Managing employees by itself is already challenging, what more if they are working remotely across various locations?
According to recent reports, in the U.S. alone, 4.7 million people work remotely at least half the time. Globally, 16% of companies have fully adopted the remote work setup, with 62% of workers aged 25 to 65 claiming to work remotely at least occasionally, rates that are four to five times greater than before the COVID-19 pandemic.
Due to the increase in the number of employees who work remotely, not only due to the pandemic, but also because of technological advancements, managers face greater challenges now more than ever with regard to communication, tracking work and productivity, scheduling meetings, and building a positive company culture, tasks which were normally conducted with ease in traditional workplaces. With this, it becomes necessary for them to adopt new strategies that would help them in better managing remote workers:
- Understand common challenges
There are at least three challenges that both managers and employees encounter when working remotely.
First is the lack of face-to-face interaction. According to studies, humans are social creatures that are hard-wired to social relationships. When working remotely, both parties do not experience usual workplace encounters necessary to build stronger relationships that will allow them to resolve crises timely and efficiently. Second are communication breakdowns, which may happen when piles of urgent digital messages go unnoticed, slowing progress and frustrating the conduct of activities. Third is the presence of surrounding distractions, which are inevitable in places outside the traditional office.
Understanding these challenges and how they apply to every employee will allow managers to know where to start developing plans, rules, and solutions necessary in addressing them. Aside from that, this will raise awareness regarding the situation of every employee which will allow organizations to provide them with the assistance they need when working remotely.
- Regularly follow up with remote employees through reporting and video conferencing
Although there really is no standard method on how often a manager should reach out to remote workers, it is always ideal to regularly follow up with them about the status of their tasks, and how they are holding up given the limited resources they probably have. This may be conducted daily, weekly, or biweekly, depending on the level of difficulty and bulk of the tasks each employee handles. This will allow managers to determine how an employee is doing overall, which can serve as a standard guide in developing plans that would identify and eliminate bottlenecks.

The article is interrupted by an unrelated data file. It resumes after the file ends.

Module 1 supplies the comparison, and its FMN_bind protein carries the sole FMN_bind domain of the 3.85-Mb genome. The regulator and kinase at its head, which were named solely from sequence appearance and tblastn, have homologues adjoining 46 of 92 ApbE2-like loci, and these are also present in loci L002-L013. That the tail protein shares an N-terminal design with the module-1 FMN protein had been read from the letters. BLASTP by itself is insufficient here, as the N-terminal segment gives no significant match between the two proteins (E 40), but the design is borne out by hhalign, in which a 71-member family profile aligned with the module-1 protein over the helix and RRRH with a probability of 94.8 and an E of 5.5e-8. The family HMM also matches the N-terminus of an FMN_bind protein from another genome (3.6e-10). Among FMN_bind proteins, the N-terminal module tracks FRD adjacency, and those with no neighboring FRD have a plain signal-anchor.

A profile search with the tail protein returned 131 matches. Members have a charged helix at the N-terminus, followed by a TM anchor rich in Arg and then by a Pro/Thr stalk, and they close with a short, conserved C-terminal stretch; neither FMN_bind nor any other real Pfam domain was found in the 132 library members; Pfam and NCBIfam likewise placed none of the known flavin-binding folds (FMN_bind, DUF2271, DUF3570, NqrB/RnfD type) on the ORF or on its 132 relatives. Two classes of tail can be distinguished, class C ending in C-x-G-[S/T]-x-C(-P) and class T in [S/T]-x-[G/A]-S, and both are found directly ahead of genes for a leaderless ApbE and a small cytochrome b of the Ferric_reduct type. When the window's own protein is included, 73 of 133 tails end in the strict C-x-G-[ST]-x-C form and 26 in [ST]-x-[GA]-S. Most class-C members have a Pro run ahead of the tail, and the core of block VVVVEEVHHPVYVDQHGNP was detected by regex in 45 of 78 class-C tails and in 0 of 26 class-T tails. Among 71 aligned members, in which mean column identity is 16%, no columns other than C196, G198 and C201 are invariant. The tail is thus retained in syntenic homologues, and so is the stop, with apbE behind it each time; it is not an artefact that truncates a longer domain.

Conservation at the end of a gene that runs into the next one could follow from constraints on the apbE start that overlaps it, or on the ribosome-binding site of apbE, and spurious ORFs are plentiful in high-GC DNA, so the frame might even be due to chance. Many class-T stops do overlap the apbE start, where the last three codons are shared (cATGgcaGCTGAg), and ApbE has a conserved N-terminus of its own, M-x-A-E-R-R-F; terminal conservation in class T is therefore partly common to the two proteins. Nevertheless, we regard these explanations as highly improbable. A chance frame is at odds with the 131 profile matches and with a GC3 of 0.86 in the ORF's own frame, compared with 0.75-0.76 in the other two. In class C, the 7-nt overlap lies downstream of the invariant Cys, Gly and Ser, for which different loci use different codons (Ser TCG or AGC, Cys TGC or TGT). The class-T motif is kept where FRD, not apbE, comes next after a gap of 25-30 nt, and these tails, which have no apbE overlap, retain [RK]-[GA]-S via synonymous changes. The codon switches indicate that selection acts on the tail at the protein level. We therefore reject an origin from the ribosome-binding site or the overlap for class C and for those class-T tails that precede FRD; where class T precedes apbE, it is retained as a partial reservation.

This task is best conducted through video conferencing. According to the 7-38-55 rule, only 7% of all communication is done verbally, while 38% and 55% are defined by nonverbal components, such as the tone of voice and body language, respectively. This clearly shows that in order for all parties to understand one another better despite working remotely, it becomes necessary to see each other even just through video. This will allow managers to observe the conduct of employees and see how they are doing based not only on their verbal assertions, but also through their intonations and body language. In the same way, this will allow employees to fully understand the instructions given by managers. In the long run, this will provide a wider room for communication developments, avoiding misunderstandings and misinterpretations that could hinder all parties from working efficiently.
- Leverage the right technology
The strategies above and all others can only be effectively conducted when managers utilize the right technology and the best platforms.
Using only the best technology will allow them to perform their tasks and implement their plans with ease, leaving the typically difficult duties to the hands of reliable digital platforms that can assist them in managing their employees efficiently.
For example, managers facing challenges in consolidating the schedule of employees working remotely across different time zones may use time and attendance management systems that would automatically monitor and check employee attendance. On the other hand, those who usually encounter problems relating to payroll may use a payroll software that will allow them to securely, automatically, and timely release employee compensation across different currencies through a one-click payroll generation feature, like that of BSH Soft, a provider of cloud HR software in Dubai.
Technologies and softwares like these will allow managers to not only accurately monitor employees, but also ensure that all the latter’s needs are met and efficiently addressed.